There are hundreds of every type of component out there, but not all are good enough for us. We curate our collection to buy only the items that are a good price and professional quality level, so you don't have to worry and can focus on what you need and what catches your eye.
Here is some basic information for you to be a pro in minutes and feel confident in what you're buying.
Most boards are around the same length, but will vary in width. The most important thing to note is that your board and trucks should be in the same size range (see below under TRUCKS). You can figure out the size of your board by measuring the top of the board at it's widest point to the closest 1/16 of an inch. The adult size range starts at 7.5" wide. Anything smaller is for youth. The most common size range is 7.5-8.5" wide, though they go all the way to 10.5" wide for the old-school style boards. If you're trying to do flip tricks, you'll want to stay in the 7.5-8.5" range. If you're just cruising around, you can buy whatever size you want and you'll get used to whatever you're riding. If you're just cruising around or have big feet, the bigger the board is, the more room and more comfortable it will be.
- Pintails which look like a surfboard shape are for cruising and are the least aggressive shape.
- Drop-Throughs have an area in the middle to plant your feet and can be used for more aggressive riding. Some are twin tip, so you can ride them both forward and backward.
- Top Mount is when the trucks mount onto the board normally.
- Drop-Through is when the board has a hole in each end and the trucks are mounted by separating the baseplate and hangar and reconnecting them with the board in between.
- Drop-Down boards are a top mount where the board shape curves down like a lowrider.
- Double-Drops are boards that have both a Drop-Through, and Drop-Down
Skateboard: Your board and trucks should be in the same size range, so you'll need to know what size your board is (see SKATEBOARDS for how to measure). Different companies use different measurements for trucks, and they are only sometimes the exact width of your board. Here are the size ranges, and how they are sized as trucks:
|Board width||Truck Hanger (mm)||Truck Hanger (inches)|
Longboard: Longboard specific trucks are a different design with a reversed kingpin which provides more stability at higher speeds. They are referred to as Reverse Kingpin trucks or RKP for short. They are usually either size 150mm (9") or 180mm (10"). You'll want to choose the size that won't be sticking out on the sides from your board so you don't kick your wheel (stopping you and making you fall). RKPs are about a 1/4" taller than standard skateboard trucks, giving you more room to have a larger wheel without needing riser pads.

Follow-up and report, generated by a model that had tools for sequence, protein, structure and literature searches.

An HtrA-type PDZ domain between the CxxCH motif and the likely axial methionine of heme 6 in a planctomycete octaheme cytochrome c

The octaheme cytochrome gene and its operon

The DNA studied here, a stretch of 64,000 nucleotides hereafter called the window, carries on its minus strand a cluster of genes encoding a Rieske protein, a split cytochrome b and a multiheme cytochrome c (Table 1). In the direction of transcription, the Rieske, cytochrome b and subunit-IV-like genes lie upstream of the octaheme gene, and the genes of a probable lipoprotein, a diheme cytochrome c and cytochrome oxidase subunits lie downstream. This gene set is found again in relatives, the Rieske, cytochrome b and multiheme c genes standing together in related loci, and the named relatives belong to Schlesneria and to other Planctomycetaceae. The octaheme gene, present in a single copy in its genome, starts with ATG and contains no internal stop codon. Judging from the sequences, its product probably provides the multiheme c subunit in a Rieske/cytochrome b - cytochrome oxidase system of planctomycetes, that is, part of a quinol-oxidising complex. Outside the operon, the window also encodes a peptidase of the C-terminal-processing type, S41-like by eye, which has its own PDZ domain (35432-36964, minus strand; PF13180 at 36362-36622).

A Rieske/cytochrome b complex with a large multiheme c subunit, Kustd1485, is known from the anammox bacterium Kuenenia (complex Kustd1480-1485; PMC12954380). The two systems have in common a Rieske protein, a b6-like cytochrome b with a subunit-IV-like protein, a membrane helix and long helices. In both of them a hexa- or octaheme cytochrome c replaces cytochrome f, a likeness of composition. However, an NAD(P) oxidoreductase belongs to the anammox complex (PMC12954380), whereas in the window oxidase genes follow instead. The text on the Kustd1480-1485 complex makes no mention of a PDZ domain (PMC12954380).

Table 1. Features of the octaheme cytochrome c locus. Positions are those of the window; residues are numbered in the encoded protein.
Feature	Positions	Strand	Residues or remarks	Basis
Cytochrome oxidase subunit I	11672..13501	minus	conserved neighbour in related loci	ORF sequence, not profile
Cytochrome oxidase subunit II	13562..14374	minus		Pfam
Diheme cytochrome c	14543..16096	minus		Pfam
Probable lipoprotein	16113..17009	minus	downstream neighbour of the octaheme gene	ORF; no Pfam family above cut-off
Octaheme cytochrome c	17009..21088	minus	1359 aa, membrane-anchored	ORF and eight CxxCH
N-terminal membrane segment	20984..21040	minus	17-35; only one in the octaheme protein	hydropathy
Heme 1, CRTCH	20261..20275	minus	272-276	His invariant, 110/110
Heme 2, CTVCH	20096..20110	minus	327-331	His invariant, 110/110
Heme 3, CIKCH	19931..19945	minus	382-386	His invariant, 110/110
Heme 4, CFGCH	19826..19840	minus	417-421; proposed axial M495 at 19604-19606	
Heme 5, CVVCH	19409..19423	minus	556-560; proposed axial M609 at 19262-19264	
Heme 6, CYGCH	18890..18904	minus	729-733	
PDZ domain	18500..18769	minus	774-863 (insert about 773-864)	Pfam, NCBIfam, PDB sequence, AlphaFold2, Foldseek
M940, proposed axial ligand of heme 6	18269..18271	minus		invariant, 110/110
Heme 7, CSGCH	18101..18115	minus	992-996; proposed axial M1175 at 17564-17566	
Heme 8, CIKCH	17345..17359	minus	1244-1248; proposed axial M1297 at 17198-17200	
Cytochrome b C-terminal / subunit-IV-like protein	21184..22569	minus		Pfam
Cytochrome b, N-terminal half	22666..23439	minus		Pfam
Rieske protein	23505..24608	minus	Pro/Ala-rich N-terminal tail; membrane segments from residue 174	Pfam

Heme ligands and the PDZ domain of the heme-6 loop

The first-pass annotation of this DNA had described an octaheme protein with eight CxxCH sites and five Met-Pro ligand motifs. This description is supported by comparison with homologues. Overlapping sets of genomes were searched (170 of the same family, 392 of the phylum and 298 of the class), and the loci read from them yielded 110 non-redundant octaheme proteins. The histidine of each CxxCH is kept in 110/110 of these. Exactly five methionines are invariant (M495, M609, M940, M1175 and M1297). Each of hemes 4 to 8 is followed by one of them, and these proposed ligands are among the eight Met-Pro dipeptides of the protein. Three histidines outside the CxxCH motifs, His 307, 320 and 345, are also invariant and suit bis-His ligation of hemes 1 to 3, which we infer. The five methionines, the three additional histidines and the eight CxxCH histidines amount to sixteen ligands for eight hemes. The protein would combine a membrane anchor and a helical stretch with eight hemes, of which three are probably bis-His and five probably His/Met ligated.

Most RKP trucks are 50 degrees which is the angle the hanger sits at. If they are lower (usually 43-45*) they turn less and are more stable, ideal for high speeds (35mph+). If they are lower like 52* trucks, they will turn more but be less stable.
The standard 50* truck is the best of both worlds and is what is included in most complete set ups.
There are a few things to know about wheels, but the main two are sizing, and hardness (durometer).
Size: The bigger they are, the more they go over.
Skateboard wheels range in size from 49-65mm, but will most commonly be size 52-55mm. Anything above 55 will need a riser pad (a part that goes between the board and the truck to keep the wheels from hitting the board when you turn. See RISERS below for sizing.
Longboard wheels range in size from 65-80mm, but will most commonly be size 70-75mm. If you have a drop-through longboard, you can go bigger than 70mm, otherwise you can only with riser pads. See RISERS below for sizing.
Durometer: The harder the faster, but only on smooth surfaces like concrete. The softer they are the more shock they absorb, and smoother the ride (better for rougher surfaces like asphalt). The range is 78-104A
Some bearings are ABEC rated, which means the ball bearings inside are polished to a certain measurable level. The higher the rating, the higher the polish, and less friction they will have. Higher ABEC = Faster bearings. You'll want to start at a 3 for children, 5 if you are a beginner, 7 if you have more experience and want to go faster, and 9 for racing and rollerblades. Some companies don't use this rating system, but that doesn't mean they aren't good. Generally if the bearings are not ABEC rated, you can assume that a bearing in the $20 range will be somewhere around an ABEC 5 in speed. If they are around $12 they will generally be more like an ABEC 3.
Fun fact: Skateboards, Roller Skates and Rollerblades all use 8mm bearings!
If your wheels are bigger than 56mm, you'll probably need risers so you don't get wheelbite. You'll also need longer screws.
Skateboard recommended sizing:
49-55mm wheels = no riser = 7/8 - 1" screws
56mm wheels = 1/8" riser pad = 1.125" screws
60mm wheels = 1/4" riser pad = 1.25" screws
65mm wheels = 1/2" riser pad = 1.5" screws
Longboard recommended sizing (with Reverse Kingpin Trucks, if there are no wheel-wells on the board to give the wheel more space):
72mm wheels = 1/8" riser pad = 1.125" screws
75mm wheels = 1/4" riser pad = 1.25" screws
80mm wheels = 1/2" riser pad = 1.5" screws
If you have standard skateboard trucks on your longboard, add 1/4" to your riser height and screw length.
You can buy a pack, or if you buy them individually, you'll need 8 screws and 8 nuts for a set to hold your trucks to the board. See RISERS above for sizing
Skateboard: Flathead screws, in either a Phillips or Allen head.
Longboard: Flathead for a Top-Mount board, Panhead for a Drop-Through